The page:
A different approach to conference Q&A – Interviews

A few weeks ago was Highland Fling, a conference in Scotland organised and run by a very enthusiastic person, Alan White. I spoke twice at that event in the past and one thing I loved most about it was how it handled the Q&A of the audience.

The issues with Q&A

After-talk Q&A is always a pain to get right. There are a few issues that keep cropping up:

  • People are too afraid to ask a “probably stupid” question in front of the rest of the audience (funnily enough a lot of times this is the question a lot of others have but are as afraid to ask)
  • People asking questions use the opportunity to profile themselves or their company/product instead of asking a valid question (thus wasting everybody’s time)
  • Speakers and/or the audience can’t hear or understand the question (and speakers need to repeat it so it gets recorded/is heard by everybody thus using up even more time)
  • Speakers can’t see the audience properly (lights in their eyes) which means some half-hearted requests don’t get recognised
  • The people asking questions are asked to wait for the microphone to be comprehensible to everybody which takes up time (and not everybody knows how to handle a mic)
  • Interesting questions at the beginning of the talk get forgotten halfway through
  • Speakers get stuck answering one question or deviate rather than answering swiftly and getting more questions in

The Highland Fling way

The Fling does it differently: instead of having an open Q&A session after the talk the conference has a moderator who not only introduces the speakers but also does a 20 minute interview with them after the talk. Conference participants can tweet questions to the interviewer during the talk. This works around most of the issues mentioned earlier.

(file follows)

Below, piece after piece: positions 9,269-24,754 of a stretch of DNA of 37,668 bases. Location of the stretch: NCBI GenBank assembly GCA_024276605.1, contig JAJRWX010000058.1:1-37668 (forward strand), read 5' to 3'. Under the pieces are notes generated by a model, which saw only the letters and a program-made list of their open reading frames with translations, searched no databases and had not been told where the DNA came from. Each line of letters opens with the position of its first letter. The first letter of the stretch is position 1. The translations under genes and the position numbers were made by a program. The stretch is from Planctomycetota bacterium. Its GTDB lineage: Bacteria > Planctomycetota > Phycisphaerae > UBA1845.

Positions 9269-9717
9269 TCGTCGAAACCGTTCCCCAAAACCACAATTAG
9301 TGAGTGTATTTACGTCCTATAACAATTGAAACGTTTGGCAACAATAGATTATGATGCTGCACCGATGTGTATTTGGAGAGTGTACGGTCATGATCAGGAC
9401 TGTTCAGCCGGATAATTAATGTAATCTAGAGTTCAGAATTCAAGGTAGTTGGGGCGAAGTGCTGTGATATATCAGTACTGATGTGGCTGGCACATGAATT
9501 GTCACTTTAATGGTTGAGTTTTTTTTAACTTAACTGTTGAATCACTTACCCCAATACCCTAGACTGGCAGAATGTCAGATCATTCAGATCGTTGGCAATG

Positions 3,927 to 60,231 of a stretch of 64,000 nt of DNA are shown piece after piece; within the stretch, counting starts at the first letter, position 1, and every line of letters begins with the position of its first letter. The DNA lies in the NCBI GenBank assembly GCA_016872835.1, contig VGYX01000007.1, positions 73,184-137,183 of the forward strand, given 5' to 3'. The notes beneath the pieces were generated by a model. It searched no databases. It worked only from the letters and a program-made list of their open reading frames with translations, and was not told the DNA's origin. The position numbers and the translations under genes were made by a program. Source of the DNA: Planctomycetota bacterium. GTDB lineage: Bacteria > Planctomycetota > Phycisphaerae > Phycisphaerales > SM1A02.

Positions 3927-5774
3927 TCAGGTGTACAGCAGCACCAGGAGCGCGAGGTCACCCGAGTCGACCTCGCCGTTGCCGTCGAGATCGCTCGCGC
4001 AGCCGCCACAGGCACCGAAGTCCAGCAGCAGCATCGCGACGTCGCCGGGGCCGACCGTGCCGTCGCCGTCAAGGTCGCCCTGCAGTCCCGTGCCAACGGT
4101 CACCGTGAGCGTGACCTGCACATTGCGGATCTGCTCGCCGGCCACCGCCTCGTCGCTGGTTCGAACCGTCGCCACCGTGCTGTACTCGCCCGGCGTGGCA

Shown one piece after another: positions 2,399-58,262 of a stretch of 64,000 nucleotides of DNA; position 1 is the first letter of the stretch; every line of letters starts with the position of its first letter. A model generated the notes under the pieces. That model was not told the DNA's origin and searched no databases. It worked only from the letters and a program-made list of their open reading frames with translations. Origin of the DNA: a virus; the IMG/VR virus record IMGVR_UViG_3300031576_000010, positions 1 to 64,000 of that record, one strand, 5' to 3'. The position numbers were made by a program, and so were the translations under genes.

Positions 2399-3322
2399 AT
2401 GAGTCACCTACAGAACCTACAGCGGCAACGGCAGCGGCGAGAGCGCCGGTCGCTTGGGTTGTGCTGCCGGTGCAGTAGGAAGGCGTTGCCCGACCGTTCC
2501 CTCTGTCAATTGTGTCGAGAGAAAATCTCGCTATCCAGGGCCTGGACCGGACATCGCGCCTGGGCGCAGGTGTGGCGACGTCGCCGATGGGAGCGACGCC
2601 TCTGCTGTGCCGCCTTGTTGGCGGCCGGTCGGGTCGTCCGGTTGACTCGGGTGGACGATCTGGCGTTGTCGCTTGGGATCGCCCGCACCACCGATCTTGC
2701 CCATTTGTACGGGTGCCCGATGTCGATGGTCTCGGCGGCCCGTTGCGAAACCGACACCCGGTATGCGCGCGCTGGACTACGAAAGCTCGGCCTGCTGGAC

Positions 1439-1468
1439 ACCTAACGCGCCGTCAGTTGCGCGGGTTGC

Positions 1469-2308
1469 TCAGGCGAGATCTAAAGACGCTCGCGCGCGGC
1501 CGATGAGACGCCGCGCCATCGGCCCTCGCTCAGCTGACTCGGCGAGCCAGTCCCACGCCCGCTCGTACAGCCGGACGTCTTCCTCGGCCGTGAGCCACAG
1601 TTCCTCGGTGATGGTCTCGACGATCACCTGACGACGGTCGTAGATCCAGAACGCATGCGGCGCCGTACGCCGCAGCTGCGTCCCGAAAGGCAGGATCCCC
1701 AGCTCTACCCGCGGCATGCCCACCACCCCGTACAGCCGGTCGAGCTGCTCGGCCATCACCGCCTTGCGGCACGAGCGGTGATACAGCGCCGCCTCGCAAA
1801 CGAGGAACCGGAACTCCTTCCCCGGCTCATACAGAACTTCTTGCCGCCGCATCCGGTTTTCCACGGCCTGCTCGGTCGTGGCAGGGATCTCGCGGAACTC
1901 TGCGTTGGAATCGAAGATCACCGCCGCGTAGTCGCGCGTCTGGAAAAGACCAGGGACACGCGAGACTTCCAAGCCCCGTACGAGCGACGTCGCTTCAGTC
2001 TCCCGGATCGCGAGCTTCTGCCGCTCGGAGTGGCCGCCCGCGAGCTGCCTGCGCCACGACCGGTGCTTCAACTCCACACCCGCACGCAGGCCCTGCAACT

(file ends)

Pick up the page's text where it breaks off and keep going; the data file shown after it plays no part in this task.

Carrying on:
This year I was lucky enough to be the moderator/interviewer.

interviewing at highland flingOriginal photos by Drew McLellan

As you may know, I have a background in radio where I spent a lot of time interviewing people on the phone and live. It was a lot of fun going back to that and especially interesting to have a mixed group of speakers all with different specialist topics to chat about.

Judging from the Twitter feedback at the conference I must have done a good job, and it was great to see speakers be more relaxed when they sit on a sofa and know some questions will come rather than hoping there are some.

I think more conferences should adopt this idea.

View full post on Christian Heilmann’s blog – Wait till I come!

2 thoughts on “A different approach to conference Q&A – Interviews

  1. Bogdan Iordache

    Very good approach, indeed.

    At How to Web we’re doing things a little bit different, but they still work: when a talk is over, we usually talk for 2-3 minutes with the guest so the attendees have the time to reflect and understand the subject of the talk. After that, you can start asking for questions.

    If no questions arrise what so ever you start asking the audience a few questions: “who had problems with scalling issues”, “did you ever had a legal problem” etc. until you engage your entire audience.

    It always works.

  2. Alan White

    Hi Chris

    Thanks for taking the time to offer some kind words about the conference and the way that I did the Q&A.  I really want to take people on a journey through each event via the topics and the interviews give an opportunity to explore what is essentially a talk on rails.  It’s nice to give the speakers a chance to go a little deeper into what they’ve been talking about, perhaps saying something they never quite managed to fit into their talk. It’s also a chance to get their views on anything else related.

    Ideally I would love to do a talk show style event one day where you end up with a panel of speakers on the sofa being interviewed and growing the discussion as the day goes on. Just like Parky (http://en.wikipedia.org/wiki/Michael_Parkinson) would do it 🙂

    Maybe next year!

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